O'Keefe in the News

Theft of Intellectual Property

Theft of Intellectual Property

November 26, 2019

As published in Forefront

By Andrew Malec, Ph.D.

A recent CNBC poll finds that one in five U.S. corporations believe that China stole their intellectual property (“IP”) (i.e., patents, trade secrets, trademarks and copyrights) within the last year. IP can sometimes be “out of sight, out of mind” since these assets do not always show up on a company’s balance sheet. However, intangible assets [which includes intellectual property] represent a significant portion of the overall value of a company. In fact, intangible assets have been reported to account for about 80% of the value of S&P companies. As such, IP theft is significantly costly. Highlighting the magnitude of these dollars, the Commission on the Theft of American Intellectual Property estimates that IP theft by the Chinese costs the U.S. between $225 billion and $600 billion annually. As a result, IP theft has been a contentious issue in trade talks between the U.S. and China.

Why is intellectual property so valuable to a company? In simple economics terms, IP ownership provides a competitive advantage to a company which allows for increased profitability, and hence increased firm value. Examples of this competitive advantage are knowing how to produce or design something better, having the ability to charge a higher price due to name recognition, ownership of a customer database, or having ownership over a work of art. Therefore, IP theft presents a lost opportunity cost to the IP holder which results in a diminution in value for the IP holder. This diminution in value can also translate to employee layoffs, or a hold on new hiring, which directly impacts the growth rate of the economy. It also is a windfall to the company stealing the IP since it represents the foregone cost of having to develop the asset. In addition to corporate espionage and cyberattacks, China also acquires U.S. IP through forced technology transfers by compelling companies investing in China to provide details to the Chinese government on their IP.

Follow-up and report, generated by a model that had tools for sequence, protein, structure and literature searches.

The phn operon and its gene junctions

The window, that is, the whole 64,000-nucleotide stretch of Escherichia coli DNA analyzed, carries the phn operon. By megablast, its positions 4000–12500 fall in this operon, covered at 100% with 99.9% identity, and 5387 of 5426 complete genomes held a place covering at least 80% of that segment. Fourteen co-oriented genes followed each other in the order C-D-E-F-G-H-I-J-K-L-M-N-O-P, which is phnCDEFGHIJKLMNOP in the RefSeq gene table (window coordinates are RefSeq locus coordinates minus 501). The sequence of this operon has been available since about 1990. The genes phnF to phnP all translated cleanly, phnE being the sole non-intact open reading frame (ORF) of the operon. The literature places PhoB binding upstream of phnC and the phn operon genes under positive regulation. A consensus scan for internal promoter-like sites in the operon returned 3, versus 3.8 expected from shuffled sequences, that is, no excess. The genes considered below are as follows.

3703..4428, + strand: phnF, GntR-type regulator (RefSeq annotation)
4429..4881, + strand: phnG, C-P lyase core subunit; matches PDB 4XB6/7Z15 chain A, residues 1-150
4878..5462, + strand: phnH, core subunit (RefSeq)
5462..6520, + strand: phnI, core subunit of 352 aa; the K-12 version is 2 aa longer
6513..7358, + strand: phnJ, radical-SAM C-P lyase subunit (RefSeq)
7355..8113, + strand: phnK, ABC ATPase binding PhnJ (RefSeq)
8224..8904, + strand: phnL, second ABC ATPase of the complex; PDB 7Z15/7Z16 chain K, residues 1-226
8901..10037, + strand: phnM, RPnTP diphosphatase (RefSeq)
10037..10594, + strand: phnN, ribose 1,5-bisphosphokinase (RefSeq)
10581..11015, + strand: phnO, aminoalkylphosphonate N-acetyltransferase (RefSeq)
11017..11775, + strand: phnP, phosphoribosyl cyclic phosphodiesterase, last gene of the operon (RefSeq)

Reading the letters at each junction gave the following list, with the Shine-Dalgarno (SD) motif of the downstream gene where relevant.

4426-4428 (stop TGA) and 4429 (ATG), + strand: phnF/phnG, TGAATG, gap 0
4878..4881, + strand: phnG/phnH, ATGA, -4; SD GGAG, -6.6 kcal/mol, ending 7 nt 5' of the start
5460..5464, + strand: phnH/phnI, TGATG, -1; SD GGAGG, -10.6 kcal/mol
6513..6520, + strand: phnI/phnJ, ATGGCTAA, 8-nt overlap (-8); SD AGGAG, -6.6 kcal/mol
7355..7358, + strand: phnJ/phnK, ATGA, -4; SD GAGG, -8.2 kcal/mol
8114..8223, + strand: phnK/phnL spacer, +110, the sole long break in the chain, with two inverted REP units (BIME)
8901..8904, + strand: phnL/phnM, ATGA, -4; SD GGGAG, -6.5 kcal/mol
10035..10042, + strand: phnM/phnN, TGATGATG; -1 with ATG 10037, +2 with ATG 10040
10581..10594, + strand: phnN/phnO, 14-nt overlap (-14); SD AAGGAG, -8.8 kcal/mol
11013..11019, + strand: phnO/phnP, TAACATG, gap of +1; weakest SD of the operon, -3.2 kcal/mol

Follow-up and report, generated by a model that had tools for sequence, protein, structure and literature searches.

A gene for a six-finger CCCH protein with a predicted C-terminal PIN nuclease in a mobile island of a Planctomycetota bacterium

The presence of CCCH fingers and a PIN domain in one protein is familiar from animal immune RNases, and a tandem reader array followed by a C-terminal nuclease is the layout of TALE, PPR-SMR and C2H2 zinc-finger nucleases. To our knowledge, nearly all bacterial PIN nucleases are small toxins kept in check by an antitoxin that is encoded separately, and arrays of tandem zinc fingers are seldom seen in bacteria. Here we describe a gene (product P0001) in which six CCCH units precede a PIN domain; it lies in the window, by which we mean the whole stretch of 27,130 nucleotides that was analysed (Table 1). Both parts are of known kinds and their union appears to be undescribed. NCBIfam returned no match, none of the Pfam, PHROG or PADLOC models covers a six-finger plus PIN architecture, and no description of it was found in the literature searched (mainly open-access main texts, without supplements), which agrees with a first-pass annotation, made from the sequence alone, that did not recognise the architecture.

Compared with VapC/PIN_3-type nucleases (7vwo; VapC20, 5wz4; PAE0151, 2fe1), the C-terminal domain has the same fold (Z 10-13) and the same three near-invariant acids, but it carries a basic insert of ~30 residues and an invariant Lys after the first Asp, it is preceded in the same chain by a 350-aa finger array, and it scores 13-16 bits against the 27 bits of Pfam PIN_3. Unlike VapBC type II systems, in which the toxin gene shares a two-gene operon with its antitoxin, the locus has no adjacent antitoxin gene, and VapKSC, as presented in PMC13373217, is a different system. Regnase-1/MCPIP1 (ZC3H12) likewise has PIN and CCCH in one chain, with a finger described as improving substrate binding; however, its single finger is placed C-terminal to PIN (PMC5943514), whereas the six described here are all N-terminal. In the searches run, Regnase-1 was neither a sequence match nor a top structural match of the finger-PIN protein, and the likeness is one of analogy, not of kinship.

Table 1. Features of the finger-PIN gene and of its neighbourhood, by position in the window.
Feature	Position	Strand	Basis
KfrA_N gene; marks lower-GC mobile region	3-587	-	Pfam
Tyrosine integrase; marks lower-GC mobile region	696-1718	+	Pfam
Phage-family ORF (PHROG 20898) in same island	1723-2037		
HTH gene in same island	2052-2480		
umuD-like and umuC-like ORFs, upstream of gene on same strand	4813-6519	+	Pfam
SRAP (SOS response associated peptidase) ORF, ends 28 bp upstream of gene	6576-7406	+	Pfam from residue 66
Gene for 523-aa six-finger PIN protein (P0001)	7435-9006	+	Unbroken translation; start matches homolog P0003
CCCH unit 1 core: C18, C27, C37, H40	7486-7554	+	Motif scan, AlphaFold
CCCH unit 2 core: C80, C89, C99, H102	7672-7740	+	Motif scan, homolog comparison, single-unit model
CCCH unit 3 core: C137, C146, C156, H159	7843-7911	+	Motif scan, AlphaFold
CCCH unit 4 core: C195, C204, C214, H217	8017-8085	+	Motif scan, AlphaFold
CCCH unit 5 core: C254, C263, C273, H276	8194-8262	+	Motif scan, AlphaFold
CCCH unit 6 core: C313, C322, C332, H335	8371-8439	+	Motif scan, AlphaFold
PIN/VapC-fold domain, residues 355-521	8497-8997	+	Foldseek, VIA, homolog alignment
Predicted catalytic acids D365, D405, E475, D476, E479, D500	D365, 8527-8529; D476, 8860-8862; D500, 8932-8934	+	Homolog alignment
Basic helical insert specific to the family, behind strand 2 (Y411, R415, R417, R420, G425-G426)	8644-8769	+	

Although often publicly discussed, the Chinese are not the only threat to IP. Anthony Levandowski, one of Silicon Valley’s foremost technologists on self-driving cars, was recently charged by federal prosecutors with 33 counts of theft and attempted theft of trade secrets from Google. Gaining an edge in new technologies can be paramount in gaining a competitive advantage, especially in a competitive industry. Unfortunately, it has also led to some employees stealing the IP of their former employer recognizing that this provides a competitive advantage to the new employer.

Whether it is a foreign government, or a current/former employee, IP theft is a disrupter to a company and has significant dollar consequences. As such, it is paramount that a company protect and enforce IP. If the IP is not protected it can result in a diminution in value of the business.

A fast-paced technological innovation cycle may be one way to stay ahead of the competition and dampen any impact from IP theft since competitors will always be faced with constantly trying to keep up with the newest technology. Also, limiting joint ownership of IP can assist in avoiding any potential future disputes over who owns the IP.

IP litigation is one of the most expensive actions that a company can pursue. However, litigation funders can assist the company by providing an alternative means of financing the litigation for a return on their investment if the plaintiff prevails in a lawsuit. These funders provide a potential option for plaintiffs to consider in these lawsuits to enforce their IP rights.

In conclusion, it is important to recognize that intellectual property is a significant value driver for any company and that intangible assets can represent the supermajority of the enterprise value of a company. It is important to protect your IP from a foreign government, as well as current/former employees. If not, the disruption that IP theft may cause can result in a permanent loss in corporate value.